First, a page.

The Facets of Feeling

I have a problem with the term “chasing happiness.” It’s too simple. The past 2 years for me were a prison of black and white, upbeat happy or pitfall sad. In-between emotions weren’t recognized or permitted. Hell, even sadness was considered intolerable, and angrily acknowledged if it surfaced. The vivid spectrum of human emotion could not be fully accessed. The only emotion allowed…was “happy.” But denying your palate the varied flavors of life through emotional suppression only creates a disastrous recipe.

Happiness. We hold it as the most powerful, sought-after state of being for a healthy, satisfying life. But there’s a problem with those who ONLY wish to be “happy” and banish the other emotions to the dungeon-like doldrums. Happiness is just one shade. Satisfaction, for example, is not as surface-level as “happy.” Satisfaction can run so much deeper and give you a far higher sense of achievement when attained. Contentment, as well, is a warm feeling that echoes softly through your soul putting you in a relaxed state that “happy” cannot achieve on its own. Exuberance is an exhilaratory upgrade of happiness that heightens your mental state with a gripping thrill.

And then there’s the downside of the spectrum. No one wants to be sad. No one wants to be depressed. And no one should wish for it. But when it happens, sometimes you have to feel it deeply. There is no such thing as a “bad” feeling; there is only a poor way to handle it. Choosing “not” to feel it is one such example. You can never truly face your situation by running from the sentiment. If sadness happens to be your reality at the moment, then face it head on, grieve, and learn from it. Fleeing from feelings conquers nothing and produces 0 growth. It’s simply putting a lid on a pot that will continue to boil and erupt later with explosive, exponential intensity.

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It may feel like a curse to feel emotions magnified other than “happy.” If you’re like me and feel things very deeply (mood swings galore as a child), simple words with an odd inflection may cut you deep. Brutal anger may draw a curtain of red over your world. Unfair treatment might make you curl-up-on-the-floor-sick-to-your-stomach with resentment. But buoyant, spirited vibes resound within you, magnifying to a high better than any hallucinogen.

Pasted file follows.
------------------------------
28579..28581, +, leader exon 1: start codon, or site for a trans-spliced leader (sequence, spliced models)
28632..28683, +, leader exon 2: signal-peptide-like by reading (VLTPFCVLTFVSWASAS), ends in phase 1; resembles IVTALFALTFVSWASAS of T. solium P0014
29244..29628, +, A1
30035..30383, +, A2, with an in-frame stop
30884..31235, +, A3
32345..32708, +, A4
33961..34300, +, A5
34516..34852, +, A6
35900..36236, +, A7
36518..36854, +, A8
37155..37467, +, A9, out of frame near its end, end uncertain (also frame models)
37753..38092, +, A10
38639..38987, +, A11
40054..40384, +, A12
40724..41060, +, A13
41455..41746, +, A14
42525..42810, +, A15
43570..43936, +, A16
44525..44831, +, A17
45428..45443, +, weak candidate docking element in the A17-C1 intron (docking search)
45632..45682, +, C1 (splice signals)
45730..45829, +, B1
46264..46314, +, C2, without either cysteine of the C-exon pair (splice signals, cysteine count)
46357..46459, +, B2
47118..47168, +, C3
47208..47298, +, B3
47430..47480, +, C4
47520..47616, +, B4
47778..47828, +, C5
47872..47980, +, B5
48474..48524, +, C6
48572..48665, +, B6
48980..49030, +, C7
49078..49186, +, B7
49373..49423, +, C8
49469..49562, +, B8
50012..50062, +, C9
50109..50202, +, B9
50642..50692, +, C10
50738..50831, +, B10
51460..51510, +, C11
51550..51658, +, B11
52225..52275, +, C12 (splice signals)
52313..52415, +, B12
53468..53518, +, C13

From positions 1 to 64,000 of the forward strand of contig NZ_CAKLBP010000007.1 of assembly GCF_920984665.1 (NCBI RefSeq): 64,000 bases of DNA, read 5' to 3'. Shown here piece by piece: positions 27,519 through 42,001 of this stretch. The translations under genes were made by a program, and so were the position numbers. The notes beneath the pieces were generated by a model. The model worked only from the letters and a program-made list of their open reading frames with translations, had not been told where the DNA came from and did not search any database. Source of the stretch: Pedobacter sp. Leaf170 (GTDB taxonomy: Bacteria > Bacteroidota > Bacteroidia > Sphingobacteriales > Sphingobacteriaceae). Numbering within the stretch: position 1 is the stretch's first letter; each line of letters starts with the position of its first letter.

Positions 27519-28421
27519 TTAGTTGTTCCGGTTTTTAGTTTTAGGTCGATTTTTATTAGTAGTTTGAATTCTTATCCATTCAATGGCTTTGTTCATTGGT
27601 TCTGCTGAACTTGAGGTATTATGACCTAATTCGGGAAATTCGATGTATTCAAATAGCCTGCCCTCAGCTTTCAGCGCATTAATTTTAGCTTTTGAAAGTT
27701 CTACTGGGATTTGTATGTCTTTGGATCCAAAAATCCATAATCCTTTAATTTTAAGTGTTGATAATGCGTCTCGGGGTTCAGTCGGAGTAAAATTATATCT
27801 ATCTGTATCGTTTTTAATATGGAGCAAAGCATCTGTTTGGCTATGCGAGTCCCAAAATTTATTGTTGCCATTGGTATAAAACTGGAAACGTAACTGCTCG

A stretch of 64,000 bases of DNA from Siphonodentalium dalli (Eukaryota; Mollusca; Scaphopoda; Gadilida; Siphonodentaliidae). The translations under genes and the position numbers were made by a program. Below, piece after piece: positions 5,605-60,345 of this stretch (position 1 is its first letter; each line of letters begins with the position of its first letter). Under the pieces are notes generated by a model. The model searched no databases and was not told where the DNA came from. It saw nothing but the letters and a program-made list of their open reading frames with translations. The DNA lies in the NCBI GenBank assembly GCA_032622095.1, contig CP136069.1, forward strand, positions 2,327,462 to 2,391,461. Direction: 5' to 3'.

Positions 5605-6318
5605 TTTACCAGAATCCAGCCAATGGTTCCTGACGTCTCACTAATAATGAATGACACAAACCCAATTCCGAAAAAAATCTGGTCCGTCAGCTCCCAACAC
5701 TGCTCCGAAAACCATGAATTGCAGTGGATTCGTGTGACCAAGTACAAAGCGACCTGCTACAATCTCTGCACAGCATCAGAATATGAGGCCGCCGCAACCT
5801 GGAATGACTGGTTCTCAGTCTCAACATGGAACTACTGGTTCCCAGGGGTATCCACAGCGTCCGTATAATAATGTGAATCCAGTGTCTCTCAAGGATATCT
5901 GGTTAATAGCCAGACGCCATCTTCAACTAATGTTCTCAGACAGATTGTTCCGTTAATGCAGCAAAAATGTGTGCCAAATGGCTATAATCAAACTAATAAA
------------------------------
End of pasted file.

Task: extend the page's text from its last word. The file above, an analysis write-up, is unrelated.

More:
The individual you run into sobbing in public will be one of the most honest people you’ll meet. Unafraid of the world’s judgment, they are showing you their current truth in raw form, without a facade. That highly opinionated acquaintance who constantly vomits their viewpoints that everyone finds “inappropriate,” likely won’t be “two-faced” behind your back because they give you themselves without dilution. The stranger you’ve just met who heatedly shares his indignation at an injustice he recently witnessed is unafraid to display the passion in his heart. Fearless emotion is an amazing thing.

If your goal is to only chase “happiness,” how can you fully appreciate the facets of feeling? Like a brilliant diamond, there are so many glittering sides to experience that grant you new perception at different angles. Angles that illumine paths to reflections you may not have seen before. Paths that lead you to fellow humans who immediately and completely understand what you’re feeling because they’ve felt it as well. They’ve experienced that facet of the diamond themselves. They’ve tasted that emotion and overcome it before and now you’ve created a powerful connection through sharing and empathy.

We need the jarring rage you feel when a friend is mistreated, the sweltering indignance you feel when you’re spoken down to, and the simmering jealous awe that pushes us to climb and stretch for things out of our reach. Going through life cradling one feeling is a robotic pathway of monochrome imbalance. Celebrate the fact that you can feel a myriad of sentiments. Reactions that prove you’re legitimately interacting with the world and people around you.¬†You hear them, listen, disagree, get angered by what they say, happy at their news, sad at their downfalls. Cry when you’re upset, stomp when you’re mad, yell when you’re frustrated. Shout beneath a waterfall like in A Quiet Place and let go of the composure. Embrace the wild freedom of being human.

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Be wary of those who are only ever “happy,” afraid to come face to face with any other emotion. Those are the ones who hide deeper currents that wash over their hidden truths and malfunction their mechanical myths behind the veneer they’ve put up. If your life is one emotion, you’re half-living, and not viewing the full panorama the human soul has to offer. If you haven’t fallen to the lowest point, clawed your way back out, coped through a mind-numbing loss, been picked up by the kindness of karmatic-hearted strangers, and even had your boss comfort you in the throes of devastation, you might not have truly lived yet.

The ending line from the Fruits Basket manga never resonated so well with me before: Repeat the good AND the bad. Do it all, and pile on the years.

Never be afraid to feel.

~Tael

 

A Thin Line Between Love and Lust

A Poly Love Story…